| The Heath Anthology of
American Literature, Fifth Edition
Born and raised in Washington, D.C., Nathan Eugene
Toomer was the only child of Nina Pinchback, and her husband, Nathan Toomer.
Soon after his son’s birth, however, Nathan, Sr., disappeared, and Nina was
forced, through economic need, to return to live with her father, Pinckney
Benton Stewart Pinchback, who had been a controversial figure in Louisiana
Reconstruction politics. She remarried in 1906 and took her son with her to New
Rochelle, New York. Following her untimely death in 1909, Toomer returned to
Washington and remained there until he left for college in 1914. Thereafter,
intermittently, he lived for varying periods of time with his grandparents, until
their deaths in the 1920s.
a young man, Jean Toomer took a long time choosing a profession. He attended
six separate institutions of higher education, but never graduated. However,
even as a child, he enjoyed literature, and as early as when he lived in New
York, he attempted to write. In 1919 he made up his mind to pursue a literary
his most important work, was published in 1923. This book grew out of a trip to
the South in September 1921, at a time when he was frustrated with the slow
progress of his writing. Toomer’s encounter with rural African American folk
culture inspired him, and the visit served as the catalyst for ideas that
connected his identity, positively, to his creative impulses. Cane was highly
praised upon publication. Toomer’s friends and associates were mostly white
avant-garde writers, but black writers of the early New Negro Renaissance
claimed him as their own. As the first book to emerge from that period, Cane
was called the herald of a new day in African American letters, and Toomer the
most promising of the upcoming new writers. In its artistic achievement, his
work had surpassed all prior literary descriptions of the African American
experience. His future seemed assured.
composed of three separate parts, Cane unifies the northern and southern
African American experiences through its circular movement. In the first
section, six vignettes of southern women and twelve poems, in lyrical, vivid,
mystical, and sensuous language, highlight the duality of black southern life
in their portrayal of conflicts, pressures, and racial and economic oppression.
The second section is a kaleidoscope of impressions of the death of black
spirituality in a wasteland of urban materialism and technology. In the final
section, a drama, a black northerner searches for and discovers his identity in
the South of his ancestors. The most enduring aspect of Cane is its revelation
of an intrinsic strength and beauty in black American culture even in the face
of white oppression.
other works of note include several plays written between 1922 and 1929 in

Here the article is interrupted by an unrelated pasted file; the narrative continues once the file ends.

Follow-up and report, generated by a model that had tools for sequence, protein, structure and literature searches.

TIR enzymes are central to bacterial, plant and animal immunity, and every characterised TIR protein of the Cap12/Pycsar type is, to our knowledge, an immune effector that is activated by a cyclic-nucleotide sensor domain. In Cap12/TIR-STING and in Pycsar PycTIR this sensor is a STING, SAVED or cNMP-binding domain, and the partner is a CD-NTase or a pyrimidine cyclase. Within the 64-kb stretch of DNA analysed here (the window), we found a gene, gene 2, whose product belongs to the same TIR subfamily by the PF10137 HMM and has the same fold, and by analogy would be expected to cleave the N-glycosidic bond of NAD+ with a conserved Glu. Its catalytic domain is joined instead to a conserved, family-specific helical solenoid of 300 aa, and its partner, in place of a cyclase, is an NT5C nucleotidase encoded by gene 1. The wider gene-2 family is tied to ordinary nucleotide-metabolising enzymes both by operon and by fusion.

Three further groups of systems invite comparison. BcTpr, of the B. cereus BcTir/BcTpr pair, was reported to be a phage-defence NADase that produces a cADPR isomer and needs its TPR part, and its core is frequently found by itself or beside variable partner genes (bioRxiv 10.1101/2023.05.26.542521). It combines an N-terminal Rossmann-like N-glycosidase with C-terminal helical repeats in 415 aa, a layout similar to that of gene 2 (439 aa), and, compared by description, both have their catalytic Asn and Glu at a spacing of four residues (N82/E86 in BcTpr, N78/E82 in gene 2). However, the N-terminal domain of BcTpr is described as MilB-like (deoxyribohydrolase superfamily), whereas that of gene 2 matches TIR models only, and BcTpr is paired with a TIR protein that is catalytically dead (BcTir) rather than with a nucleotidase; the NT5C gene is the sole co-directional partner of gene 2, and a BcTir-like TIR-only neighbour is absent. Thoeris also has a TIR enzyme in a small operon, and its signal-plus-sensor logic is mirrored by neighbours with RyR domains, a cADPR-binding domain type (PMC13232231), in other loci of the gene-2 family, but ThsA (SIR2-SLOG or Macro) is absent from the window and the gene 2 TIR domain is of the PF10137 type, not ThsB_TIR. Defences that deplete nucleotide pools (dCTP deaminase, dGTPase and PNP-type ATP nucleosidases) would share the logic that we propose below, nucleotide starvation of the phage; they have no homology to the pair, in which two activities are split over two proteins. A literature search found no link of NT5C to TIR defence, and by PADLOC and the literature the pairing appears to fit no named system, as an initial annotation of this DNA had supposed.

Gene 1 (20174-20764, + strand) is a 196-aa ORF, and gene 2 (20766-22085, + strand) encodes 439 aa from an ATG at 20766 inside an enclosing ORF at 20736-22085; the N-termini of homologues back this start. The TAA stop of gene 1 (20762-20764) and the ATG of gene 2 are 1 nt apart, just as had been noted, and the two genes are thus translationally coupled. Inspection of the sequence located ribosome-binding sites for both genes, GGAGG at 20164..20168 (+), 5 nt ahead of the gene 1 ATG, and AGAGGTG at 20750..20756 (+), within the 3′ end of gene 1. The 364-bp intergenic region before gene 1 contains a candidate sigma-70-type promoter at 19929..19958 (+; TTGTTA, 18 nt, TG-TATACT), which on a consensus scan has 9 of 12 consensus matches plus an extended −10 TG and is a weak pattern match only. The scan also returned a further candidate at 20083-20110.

which he experimented with expressionist techniques, then new to America. Among
American playwrights, only Eugene O’Neill surpassed him in this respect. But by
the beginning of 1924, angered by the negative impact of racial identity in
American society and in search of a philosophy that would permit him a sense of
internal unity, Toomer turned away from literature and became a follower of
mystic George Gurdjieff. From 1924 to 1932 he worked as a teacher of
Gurdjieff’s philosophy, one which promised him the unity he sought. He
continued to write, but never again about the black experience, or with the
qualities of his masterpiece, Cane. Publishers refused the new work on its non-literary
merits. His final publication, a long Whitmanesque poem entitled “The Blue
Meridian” (1936), pays tribute to Americans of all races, creeds, and colors.
was a gifted artist who turned his back on what might have been a brilliant
writing career for a principle regarding the meaning of race in America. For
this reason, his life and work remain especially interesting to scholars. His
grandfather claimed a black identity, although he was sufficiently
light-skinned to pass for white. As the equally fair-skinned Toomer grew up and
learned about racial politics, he declared himself a member of the American
race rather than belonging to a particular ethnic group. This caused him many
difficulties, especially as others accused him of denying his African American
heritage, a charge he stoutly refuted. He stood firm, maintaining that he was
the conscious representative of a people with a heritage of multiple
bloodlines, and that others would understand this in time. By privileging no
one of his bloodlines, Toomer perceived himself as having taken an important
step toward solving America’s racial problems.
Nellie Y. McKay|
University of Wisconsin at Madison
In the Heath Anthology
Song of the Son
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Modern American Poetry
Critical writings on Toomer's work, a brief biography, and links.
The Jean Toomer Pages
Biography, bibliograpy, stories, and poems (all compiled in May 1996) honoring Jean Toomer's one-hundredth birthday.
Rudolph P. Byrd, Jean Toomer's Years with Gurdjieff; Portrait of an Artist 1923-1936, 1990
Robert B. Jones, Jean Toomer and the Prison-House of Thought: A Phenomenology of the Spirit, 1993
Rudolph B. Jones and Margery Toomer Latimer, The Collected Poems of Jean Toomer, 1988
Cynthia Earl Kerman and Richard Eldridge, The Lives of Jean Toomer: A Hunger for Wholeness, 1987
Nellie Y. McKay, Jean Toomer, Artist: A Study of His Literary Life and Work, 1894-1936, 1984
Therman B. O'Daniel, Jean Toomer: A Critical Evaluation, 1988